August 25th, 2012In Praise of the Englishby Dena Hunt
…language. Kevin recently posted an excerpt from the inimitable Fr. George Rutler, a mini-masterpiece of lucid prose. There is another, ”Anger Management,” on the Crisis page yesterday, a cool drink of water for anyone whose mind may be wandering in the desert. A few bits should illustrate:
“Anger as a deadly sin is like an oil spill instead of oil for energy.”
“I do not know which is worse: sinful anger, which thinks that it is just, or timidity, which thinks that it is charitable.”
“In the history of social pathology, neurotic people have camouflaged their psychosis in righteous causes. John Brown was a fanatic whose uncontrolled temper made him a mockery of martyrdom, but that did not discredit the abolition movement. The pro-life movement is the noblest cause of our days, and it is not less so for the few mentally disturbed people who wrap themselves in its mantel.”
And so on.
What Fr. Rutler is so very able to do is discriminate. Discrimination as an intellectual skill has fallen on hard times in these modern days because those who set the standards for public thought are under a malevolent influence which, if you read Fr. Rutler’s essay in its entirety, you will be able to discern.
Discrimination is necessary for clarity of action, of motivation, of thought. And Fr. Rutler uses the greatest verbal arsenal in the world for that purpose—the English vocabulary. It’s different. How? Great literature is written in every major language, but English has way more than its share, for such a small nation. Why is that? It has nothing to do with the British empire, the Industrial Revolution—none of that sort of thing. It’s because English has the greatest vocabulary in the world. Really. One tiny example comes to mind: Germans go to the butcher’s to buy fleisch, but English distinguishes between flesh and meat. English makes such distinctions possible.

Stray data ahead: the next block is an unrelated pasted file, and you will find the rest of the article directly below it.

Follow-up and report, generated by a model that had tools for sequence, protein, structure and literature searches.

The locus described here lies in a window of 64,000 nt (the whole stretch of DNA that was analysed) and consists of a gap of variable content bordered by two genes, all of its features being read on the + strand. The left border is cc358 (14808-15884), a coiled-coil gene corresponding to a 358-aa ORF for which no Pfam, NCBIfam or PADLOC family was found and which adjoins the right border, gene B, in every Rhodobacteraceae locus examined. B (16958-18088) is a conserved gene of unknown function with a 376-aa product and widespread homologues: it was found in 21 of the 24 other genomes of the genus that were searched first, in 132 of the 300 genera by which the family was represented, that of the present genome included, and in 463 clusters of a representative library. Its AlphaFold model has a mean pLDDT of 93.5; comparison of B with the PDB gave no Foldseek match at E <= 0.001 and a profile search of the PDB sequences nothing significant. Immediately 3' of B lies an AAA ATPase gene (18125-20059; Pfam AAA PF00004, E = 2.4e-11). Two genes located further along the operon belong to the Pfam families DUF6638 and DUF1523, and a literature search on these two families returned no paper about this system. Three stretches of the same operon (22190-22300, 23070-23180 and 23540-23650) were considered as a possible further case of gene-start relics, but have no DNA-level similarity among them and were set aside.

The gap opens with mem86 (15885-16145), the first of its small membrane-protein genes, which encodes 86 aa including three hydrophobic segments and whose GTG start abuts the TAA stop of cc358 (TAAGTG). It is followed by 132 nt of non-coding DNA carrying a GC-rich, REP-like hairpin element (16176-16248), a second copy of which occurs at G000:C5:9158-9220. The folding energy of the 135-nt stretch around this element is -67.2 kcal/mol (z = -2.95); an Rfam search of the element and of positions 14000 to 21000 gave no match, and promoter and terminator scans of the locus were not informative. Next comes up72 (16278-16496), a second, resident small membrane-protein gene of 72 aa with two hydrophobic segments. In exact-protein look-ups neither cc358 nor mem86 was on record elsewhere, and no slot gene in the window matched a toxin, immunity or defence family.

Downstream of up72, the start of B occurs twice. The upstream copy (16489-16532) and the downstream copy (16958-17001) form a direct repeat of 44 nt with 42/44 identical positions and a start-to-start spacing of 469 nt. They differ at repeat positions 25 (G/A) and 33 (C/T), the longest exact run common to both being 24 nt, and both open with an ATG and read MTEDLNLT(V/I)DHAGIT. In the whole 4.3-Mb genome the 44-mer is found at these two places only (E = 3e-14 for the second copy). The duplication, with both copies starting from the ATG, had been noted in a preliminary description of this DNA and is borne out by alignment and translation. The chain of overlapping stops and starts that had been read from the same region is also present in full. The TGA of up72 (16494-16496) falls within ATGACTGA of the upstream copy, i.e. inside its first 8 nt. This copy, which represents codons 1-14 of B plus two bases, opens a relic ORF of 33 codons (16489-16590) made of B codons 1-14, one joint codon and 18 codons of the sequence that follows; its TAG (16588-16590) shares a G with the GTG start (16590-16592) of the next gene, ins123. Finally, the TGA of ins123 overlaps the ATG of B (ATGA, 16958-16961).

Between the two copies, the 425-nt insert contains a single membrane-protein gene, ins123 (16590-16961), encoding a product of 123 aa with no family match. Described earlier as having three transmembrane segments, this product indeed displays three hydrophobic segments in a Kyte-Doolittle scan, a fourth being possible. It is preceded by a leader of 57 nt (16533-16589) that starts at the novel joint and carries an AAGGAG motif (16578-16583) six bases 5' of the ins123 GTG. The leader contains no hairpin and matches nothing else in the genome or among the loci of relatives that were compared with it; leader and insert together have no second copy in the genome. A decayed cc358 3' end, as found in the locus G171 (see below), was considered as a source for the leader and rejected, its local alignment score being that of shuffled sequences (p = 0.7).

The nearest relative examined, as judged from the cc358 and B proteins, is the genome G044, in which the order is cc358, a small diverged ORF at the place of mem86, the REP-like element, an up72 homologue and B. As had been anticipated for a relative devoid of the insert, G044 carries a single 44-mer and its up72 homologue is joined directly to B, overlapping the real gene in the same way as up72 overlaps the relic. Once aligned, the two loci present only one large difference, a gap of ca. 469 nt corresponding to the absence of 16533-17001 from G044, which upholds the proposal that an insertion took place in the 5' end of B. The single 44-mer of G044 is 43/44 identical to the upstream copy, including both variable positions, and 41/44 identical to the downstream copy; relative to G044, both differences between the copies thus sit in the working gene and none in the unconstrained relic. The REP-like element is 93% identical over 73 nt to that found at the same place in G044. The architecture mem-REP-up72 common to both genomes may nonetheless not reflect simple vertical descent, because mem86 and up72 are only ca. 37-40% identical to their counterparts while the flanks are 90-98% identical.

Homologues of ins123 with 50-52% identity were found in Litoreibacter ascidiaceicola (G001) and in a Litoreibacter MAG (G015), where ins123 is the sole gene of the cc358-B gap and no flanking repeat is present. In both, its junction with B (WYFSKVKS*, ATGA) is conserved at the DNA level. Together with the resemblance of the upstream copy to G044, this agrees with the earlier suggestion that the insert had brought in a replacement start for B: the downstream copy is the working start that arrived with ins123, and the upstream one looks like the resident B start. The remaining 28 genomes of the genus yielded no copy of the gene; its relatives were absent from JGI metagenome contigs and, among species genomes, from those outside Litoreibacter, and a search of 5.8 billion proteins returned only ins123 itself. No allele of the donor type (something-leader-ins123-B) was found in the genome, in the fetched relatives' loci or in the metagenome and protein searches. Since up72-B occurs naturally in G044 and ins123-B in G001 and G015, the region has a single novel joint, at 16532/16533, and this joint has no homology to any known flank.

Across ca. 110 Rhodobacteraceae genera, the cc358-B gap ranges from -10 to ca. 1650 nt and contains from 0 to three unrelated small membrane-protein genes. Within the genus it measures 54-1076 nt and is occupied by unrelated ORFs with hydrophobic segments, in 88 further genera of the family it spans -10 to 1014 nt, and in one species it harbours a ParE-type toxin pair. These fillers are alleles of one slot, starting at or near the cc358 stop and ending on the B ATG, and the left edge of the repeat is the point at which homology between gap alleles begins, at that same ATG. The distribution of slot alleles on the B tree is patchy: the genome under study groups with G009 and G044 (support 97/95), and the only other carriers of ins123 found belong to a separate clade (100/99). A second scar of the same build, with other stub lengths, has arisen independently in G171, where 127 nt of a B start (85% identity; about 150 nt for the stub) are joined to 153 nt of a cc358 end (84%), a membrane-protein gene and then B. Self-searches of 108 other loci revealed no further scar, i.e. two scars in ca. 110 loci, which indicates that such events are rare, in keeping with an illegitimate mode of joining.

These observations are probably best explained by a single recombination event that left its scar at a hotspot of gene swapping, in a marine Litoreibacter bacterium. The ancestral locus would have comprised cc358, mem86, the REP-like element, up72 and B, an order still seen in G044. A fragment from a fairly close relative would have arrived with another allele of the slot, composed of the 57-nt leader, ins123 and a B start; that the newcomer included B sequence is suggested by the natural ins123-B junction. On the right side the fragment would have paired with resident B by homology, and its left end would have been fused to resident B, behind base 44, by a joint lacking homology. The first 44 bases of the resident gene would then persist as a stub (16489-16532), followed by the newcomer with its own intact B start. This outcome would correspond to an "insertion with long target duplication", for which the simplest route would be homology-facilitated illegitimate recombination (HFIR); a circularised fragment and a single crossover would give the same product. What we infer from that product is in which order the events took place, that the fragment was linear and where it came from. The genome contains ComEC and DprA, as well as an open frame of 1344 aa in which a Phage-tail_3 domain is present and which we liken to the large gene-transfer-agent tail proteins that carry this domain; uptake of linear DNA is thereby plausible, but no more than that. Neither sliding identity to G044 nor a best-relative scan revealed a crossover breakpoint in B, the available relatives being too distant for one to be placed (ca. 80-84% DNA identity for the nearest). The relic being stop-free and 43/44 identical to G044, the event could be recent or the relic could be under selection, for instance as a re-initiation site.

In its history, Britain was invaded by everybody and his brother, but unlike others, its native language was not displaced by conquering Romans and sundry tribes from Scandinavia, Germany, France, etc. Instead, it simply adopted and assimilated the vocabulary of its conquerors into its own constantly expanding lexicon. Over time, the English language became broader, deeper, and richer than other more fixed linguistic structures, more capable of nuance and subtle shades of meaning than any other language.
Now, let’s fast forward to another consideration: Although it has other purposes, the single most important purpose of language is the articulation of imagination, of abstract thought. And there we arrive at Chaucer, Shakespeare, Wordsworth, Chesterton—or Father George Rutler, et al. As an antidote for some of the recent anti-English rants here, it may be good to think for a moment about the English language, in which some of those rants were expressed so well.